Pondering the waves of life.

Happy Memories Build Resilience

We all have memories. We remember events, people, feelings, scents, experiences and remember them especially well when they involve us. Sometimes we revel in our memories, having a little giggle to ourselves, as we recall a fun camping trip or an embarrassing moment. But at other times we allow our memories to stagnate and replay the negative experiences we have endured.

Fostering and harnessing our happy memories is a skill, a positive habit, and one that we can use to build and use in our daily lives and classrooms. There is significant research, especially by Martin Seligman, which proves a direct correlation between recalling a happy event or experience and improved performance. Jenifer Fox Eades states, “recalling a happy event, perhaps a time we laughed and laughed, suggests to our mind and body that we feel that happy NOW and this produces chemical changes, a release of endorphins, in the present”. So if we know this is the case, we can train ourselves, our children and students, to harness their positive memories. We can learn that we are not helpless victims of our emotions, but there are things we can deliberately do to boost mood.

Most often students can approach a test or classroom experience remembering what they got wrong last time, or what went badly. If a student focuses on their negative experiences then their resilience depletes. This is applicable in all areas of life. Instead train yourselves and students to instead regularly ask yourself the question: “What Went Well?”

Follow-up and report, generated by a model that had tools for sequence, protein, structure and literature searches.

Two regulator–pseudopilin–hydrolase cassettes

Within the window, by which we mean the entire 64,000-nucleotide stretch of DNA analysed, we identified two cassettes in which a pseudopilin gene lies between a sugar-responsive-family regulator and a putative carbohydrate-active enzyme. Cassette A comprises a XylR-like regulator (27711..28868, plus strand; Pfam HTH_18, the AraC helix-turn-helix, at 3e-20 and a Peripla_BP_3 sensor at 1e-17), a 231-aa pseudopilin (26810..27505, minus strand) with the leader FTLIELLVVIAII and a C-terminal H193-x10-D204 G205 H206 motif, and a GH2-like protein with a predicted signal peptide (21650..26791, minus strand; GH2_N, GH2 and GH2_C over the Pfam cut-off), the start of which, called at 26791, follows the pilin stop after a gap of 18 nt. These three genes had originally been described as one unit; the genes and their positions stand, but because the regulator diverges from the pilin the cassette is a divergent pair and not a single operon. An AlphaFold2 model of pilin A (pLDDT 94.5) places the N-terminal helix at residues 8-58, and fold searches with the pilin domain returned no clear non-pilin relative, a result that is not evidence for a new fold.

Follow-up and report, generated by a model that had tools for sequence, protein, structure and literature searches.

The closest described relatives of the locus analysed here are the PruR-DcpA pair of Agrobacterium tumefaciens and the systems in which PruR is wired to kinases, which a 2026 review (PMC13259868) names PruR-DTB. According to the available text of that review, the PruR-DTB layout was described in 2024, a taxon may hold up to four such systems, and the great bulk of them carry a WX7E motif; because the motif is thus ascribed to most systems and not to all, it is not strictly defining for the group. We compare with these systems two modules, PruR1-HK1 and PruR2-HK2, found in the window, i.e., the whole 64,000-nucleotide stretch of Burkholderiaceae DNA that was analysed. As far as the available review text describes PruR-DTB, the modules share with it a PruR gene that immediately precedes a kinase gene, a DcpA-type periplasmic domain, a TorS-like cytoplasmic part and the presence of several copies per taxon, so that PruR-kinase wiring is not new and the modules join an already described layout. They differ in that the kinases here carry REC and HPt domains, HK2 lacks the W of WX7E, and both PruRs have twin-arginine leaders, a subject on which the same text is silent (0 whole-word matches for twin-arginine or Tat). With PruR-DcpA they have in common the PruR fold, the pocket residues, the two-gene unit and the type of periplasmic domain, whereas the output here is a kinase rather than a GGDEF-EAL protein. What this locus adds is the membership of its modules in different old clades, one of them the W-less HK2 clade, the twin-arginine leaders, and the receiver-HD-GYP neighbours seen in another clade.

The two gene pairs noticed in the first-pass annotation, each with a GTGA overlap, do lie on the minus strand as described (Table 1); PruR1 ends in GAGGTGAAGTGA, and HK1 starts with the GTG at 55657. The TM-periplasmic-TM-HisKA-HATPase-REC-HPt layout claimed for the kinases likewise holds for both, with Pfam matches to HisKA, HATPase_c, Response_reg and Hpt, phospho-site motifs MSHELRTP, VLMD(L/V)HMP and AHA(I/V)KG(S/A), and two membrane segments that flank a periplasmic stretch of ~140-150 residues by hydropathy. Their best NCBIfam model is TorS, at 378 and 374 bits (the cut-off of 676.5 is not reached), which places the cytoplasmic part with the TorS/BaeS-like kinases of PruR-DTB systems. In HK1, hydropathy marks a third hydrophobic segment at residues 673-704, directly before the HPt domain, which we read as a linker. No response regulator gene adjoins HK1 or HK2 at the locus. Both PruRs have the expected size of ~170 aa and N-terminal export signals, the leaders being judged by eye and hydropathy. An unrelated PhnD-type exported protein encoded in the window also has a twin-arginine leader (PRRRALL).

This question works to challenge the negative thought processes that often dictate thinking. In a classroom a teacher can be very proactive in modeling this behavior, for children mirror the language of the adults around them. At the beginning of a lesson a teacher can review the previous lesson and prior learning by asking students, “What Went Well” yesterday in class? Having students begin their new learning by focusing on what was successful yesterday builds resilience for the new lesson. Similarly, after an activity I will have students either write or discuss, What Went Well in the lesson? As this becomes habitual in the classroom, it becomes more habitual in their thought patterns. Positive thought patterns then allow students to take more risks in their learning and approach increasingly difficult skills with confidence.

Focusing on happy memories and building on these in learning and life is critical for everyone, but so much so for teenagers. Yes, they will have many negative experiences and some children have more negatives than positives in their lives. But here it becomes essential that key adults in their lives assist them to draw out the occasional happy memory to focus upon and build new happy memories for them. Create fun-loving experiences in your everyday classrooms, allow students to see you laugh and then ensure these memories can be drawn upon later. I will often tell an embarrassing experience from my life, of which I have many, and in drawing out the positives from this moment and having a good laugh, I model how each moment in life can have positive life lessons drawn from it.

We all want to build resilience. We all want more successes in life. What could be easier to assist these outcomes than asking each day the little question, What Went Well?


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